This application addresses broad Challenge Area (06) Enabling Technologies and specific Challenge Topic, (06-DK-104) Enabling technology for the prevention and treatment of diseases. Urologic disease represents a debilitating medical problem that adversely affects the lives of people of all ages and backgrounds. Surgical lasers form the standard of care for many treatments and endoscopic procedures in the prostate, kidney, ureter, bladder, and urethra. Still, current state-of-the-art devices suffer from a number of limitations including limited adjustability of cutting and coagulating parameters and complex light delivery systems which are insufficiently flexible and yield a sub- optimal beam quality for fine work. These systems also tend to be large, inefficient, water-cooled, and expensive. Lockheed Martin Aculight has developed a proprietary flexible, low-cost architecture for a unique fiber laser design that represents a dramatic improvement over existing technologies in terms of performance, cost, size, and complexity. Based on the principles of infrared tissue ablation, the objective of the proposed work is to apply this technology in collaboration with Vanderbilt University and clinicians at the University of British Columbia to develop and test a highly efficient, compact ablative surgical tool. The device's output wavelength will be at 1.94?m which is proven to exhibit superior ablative and delivery qualities over currently available surgical laser systems. In this proposed work, Lockheed Martin Aculight will develop and test a thulium fiber laser that is capable of two distinct pulse modes, including a novel short pulse mode for fast cutting and a continuous wave mode. This unit will address the specific needs of several particular surgical applications from immediate vaporization with no effect outside of the irradiated zone, to precise ablation with minimal collateral thermal damage and lack of bleeding, to mass tissue removal with fine hemostatic control. The laser system will be further developed for commercialization to address a wide array of surgical applications following successful completion of these milestones. While most of the pulse features we propose here can be achieved today with existing laser sources, a separate source is required for short pulses and another for CW. The proposed device will readily generate each format and will cost less and be far more portable than currently available units, which have only a single mode of operation. The novelty of this device is in the improved technology that allows design of a single instrument that is high-performance, compact, low-cost, and scalable. Such a device can completely revolutionize the field as it provides a platform that can completely address the wide variety of surgical and outpatient needs in urology in both hospital and clinic settings. This basic laser architecture and microsurgical ablative capability will ultimately be applied to fields such as neurosurgery, orthopedics, surgical robotics, gastrological surgery, and otolaryngology to overcome existing limitations, pioneer new techniques, and ultimately improve patient care.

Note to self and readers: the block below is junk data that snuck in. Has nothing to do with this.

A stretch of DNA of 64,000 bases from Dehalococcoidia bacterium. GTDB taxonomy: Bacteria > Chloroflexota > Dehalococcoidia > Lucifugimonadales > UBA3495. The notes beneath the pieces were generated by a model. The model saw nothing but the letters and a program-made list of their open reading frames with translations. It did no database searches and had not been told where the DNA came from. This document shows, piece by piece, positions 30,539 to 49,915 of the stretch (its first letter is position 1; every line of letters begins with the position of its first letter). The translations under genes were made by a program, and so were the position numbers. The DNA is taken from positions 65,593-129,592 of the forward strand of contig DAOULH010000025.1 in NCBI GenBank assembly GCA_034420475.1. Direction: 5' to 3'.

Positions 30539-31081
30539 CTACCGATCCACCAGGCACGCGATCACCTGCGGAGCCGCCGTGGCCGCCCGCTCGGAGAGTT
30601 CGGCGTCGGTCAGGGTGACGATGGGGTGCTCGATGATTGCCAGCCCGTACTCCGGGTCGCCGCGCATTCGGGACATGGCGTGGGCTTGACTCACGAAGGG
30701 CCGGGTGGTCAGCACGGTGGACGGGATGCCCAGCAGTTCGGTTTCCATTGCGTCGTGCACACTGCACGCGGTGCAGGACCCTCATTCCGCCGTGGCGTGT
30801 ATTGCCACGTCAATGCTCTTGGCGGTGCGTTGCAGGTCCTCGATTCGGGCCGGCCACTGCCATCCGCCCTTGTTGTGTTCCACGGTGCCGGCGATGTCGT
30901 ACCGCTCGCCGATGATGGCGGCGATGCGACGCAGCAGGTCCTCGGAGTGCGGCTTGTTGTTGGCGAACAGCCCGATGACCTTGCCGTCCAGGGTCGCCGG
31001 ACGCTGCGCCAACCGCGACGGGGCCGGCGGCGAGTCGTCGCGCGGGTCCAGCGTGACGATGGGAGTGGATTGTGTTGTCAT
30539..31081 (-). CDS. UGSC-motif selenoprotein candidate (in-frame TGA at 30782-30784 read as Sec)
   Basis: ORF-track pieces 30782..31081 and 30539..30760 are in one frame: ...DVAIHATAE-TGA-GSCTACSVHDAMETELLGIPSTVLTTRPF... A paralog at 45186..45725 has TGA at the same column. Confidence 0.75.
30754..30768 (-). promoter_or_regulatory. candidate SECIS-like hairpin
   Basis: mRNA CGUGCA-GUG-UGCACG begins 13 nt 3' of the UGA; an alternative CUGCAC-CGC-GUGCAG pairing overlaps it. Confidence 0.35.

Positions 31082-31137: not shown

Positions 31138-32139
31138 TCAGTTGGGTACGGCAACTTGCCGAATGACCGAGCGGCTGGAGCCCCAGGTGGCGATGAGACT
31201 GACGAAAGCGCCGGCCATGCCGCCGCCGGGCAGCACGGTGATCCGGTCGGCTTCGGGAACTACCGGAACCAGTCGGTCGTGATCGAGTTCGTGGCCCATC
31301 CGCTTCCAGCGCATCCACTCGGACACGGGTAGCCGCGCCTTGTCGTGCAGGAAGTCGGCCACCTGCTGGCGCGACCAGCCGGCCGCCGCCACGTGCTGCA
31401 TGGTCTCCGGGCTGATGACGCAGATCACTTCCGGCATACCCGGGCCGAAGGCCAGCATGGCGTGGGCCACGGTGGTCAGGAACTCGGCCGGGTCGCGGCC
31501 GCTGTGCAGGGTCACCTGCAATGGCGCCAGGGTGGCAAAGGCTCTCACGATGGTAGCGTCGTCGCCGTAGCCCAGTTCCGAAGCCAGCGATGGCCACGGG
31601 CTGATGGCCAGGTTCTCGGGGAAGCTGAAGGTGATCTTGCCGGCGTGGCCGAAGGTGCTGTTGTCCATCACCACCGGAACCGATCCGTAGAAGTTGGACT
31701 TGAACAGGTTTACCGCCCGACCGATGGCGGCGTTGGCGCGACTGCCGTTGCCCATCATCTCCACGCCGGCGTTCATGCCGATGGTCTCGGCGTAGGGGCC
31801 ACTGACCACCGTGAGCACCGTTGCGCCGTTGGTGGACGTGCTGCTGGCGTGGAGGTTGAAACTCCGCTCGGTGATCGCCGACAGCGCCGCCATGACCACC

Public Health Relevance

This project is intended to benefit those that require surgery for urology related treatment by developing a tool that can improve surgical outcome, increase the speed of a procedure, and reduce the associated cost to perform these procedures. This research will focus on overcoming the limitations prohibiting current surgical lasers from effectively treating a wide variety of urologic procedures, which will allow improved patient care.

National Institute of Health (NIH)
National Institute of Diabetes and Digestive and Kidney Diseases (NIDDK)
NIH Challenge Grants and Partnerships Program (RC1)
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Special Emphasis Panel (ZRG1-SBIB-V (58))
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Mullins, Christopher V
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Lockheed Martin Aculight Corporation
United States
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